To begin, Plenger came forward with her presentation. “Hi, my name is Kristin Plenger. I am a resident of Southwest Virginia, and I am a transgender woman,” she began. “I am not here to tell what you need to do. I get enough of that myself. I am not here to persuade you to change any policy.”

Rather, she said she sought to educate others with facts about the transgender community, and to help the board should it choose in the future to seek alternative options for integrating transgender students within the school system.

“The fact is less than two in 10 people personally know a transgender person. Today, I hope to make that number bigger. I do this because I hope that, by coming to know me, you will come to understand the danger students in your school district are facing.”

When she was in school, Plenger said she “learned at an early age that I had to hide who I was to be safe. That did not stop the abuse I endured, but it did lessen how much abuse I received. As a child, I saw the loneliness and hatred I felt as normal. I never got to discover myself or feel the dignity of being seen for who I am.

“Instead of learning how to be a part of the world and how to enrich it, I learned how to hate myself and leave the world behind,” she said. “I would spend my time in school fearing what would come the next day, instead of dreaming of what my future would bring.”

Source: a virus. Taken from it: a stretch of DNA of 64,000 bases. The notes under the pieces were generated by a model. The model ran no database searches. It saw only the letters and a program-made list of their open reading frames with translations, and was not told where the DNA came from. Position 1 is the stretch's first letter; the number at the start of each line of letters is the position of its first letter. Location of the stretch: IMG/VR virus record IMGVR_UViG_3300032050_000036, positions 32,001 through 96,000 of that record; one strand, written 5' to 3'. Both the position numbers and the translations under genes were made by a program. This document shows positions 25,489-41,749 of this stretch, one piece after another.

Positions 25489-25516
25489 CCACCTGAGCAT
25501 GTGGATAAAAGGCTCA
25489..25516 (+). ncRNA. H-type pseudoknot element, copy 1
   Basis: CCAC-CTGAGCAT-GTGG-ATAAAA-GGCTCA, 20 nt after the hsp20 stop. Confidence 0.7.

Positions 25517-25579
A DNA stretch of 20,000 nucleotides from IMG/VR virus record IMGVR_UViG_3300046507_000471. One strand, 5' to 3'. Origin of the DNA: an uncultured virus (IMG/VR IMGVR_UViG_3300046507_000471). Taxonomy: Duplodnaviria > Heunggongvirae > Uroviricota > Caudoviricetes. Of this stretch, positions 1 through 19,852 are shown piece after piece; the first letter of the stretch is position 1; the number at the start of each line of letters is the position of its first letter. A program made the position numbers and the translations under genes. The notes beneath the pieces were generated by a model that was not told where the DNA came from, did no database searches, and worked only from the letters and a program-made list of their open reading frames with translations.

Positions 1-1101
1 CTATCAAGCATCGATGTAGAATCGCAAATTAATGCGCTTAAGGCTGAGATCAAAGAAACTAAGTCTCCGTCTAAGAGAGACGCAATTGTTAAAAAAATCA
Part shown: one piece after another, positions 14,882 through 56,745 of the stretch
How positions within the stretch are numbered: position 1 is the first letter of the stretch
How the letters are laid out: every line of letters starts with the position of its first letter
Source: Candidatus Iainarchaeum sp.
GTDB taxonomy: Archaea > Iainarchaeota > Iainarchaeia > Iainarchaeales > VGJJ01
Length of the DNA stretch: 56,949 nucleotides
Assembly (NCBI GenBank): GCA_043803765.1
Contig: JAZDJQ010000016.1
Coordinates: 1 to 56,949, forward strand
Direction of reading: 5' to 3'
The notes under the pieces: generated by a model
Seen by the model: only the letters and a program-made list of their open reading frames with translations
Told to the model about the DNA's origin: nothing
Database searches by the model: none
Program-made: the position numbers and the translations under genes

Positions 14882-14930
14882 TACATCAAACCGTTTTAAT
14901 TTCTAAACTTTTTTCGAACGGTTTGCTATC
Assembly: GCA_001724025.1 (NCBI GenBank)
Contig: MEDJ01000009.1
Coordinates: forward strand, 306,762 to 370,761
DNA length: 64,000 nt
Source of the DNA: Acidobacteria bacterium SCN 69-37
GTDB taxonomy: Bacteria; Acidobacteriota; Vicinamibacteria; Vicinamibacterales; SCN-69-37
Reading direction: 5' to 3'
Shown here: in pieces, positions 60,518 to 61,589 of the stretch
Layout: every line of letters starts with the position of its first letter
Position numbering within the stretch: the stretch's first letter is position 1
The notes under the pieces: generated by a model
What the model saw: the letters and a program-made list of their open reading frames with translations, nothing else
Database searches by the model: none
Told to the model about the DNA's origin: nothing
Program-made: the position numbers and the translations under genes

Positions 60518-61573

Later, Plenger shared the following statistics with the newspaper. According to her research, 90 percent of transgender students experience harassment in school; 35 percent have been physically assaulted; and 16 percent have been sexually assaulted. “This happens because we are being seen as different, wrong or confused. Almost half of transgender students will miss school because they don’t feel safe and over one in ten will never graduate. When parents don’t accept their transgender children, those children are 13 times more likely to commit suicide,” she said.

Additionally, 41 percent of transgender people have tried to commit suicide. “This happens not because we are confused or hate ourselves, but because of how we are treated and abused by the world around us. After high school, it would take me over a decade to finally come to know myself outside of the hatred. After I finally recognized myself for who I was, it would take me another decade before I would be able to reenter the world as the proud, self-confident woman I am today.”

Changing the policy is the board’s decision, she said. “I am here because I know what it is like to go to a school where you do not feel safe. I am hoping that by speaking to you, that you will see that there are transgender students in your school district,” even if none have requested to use a restroom that is different from their birth gender.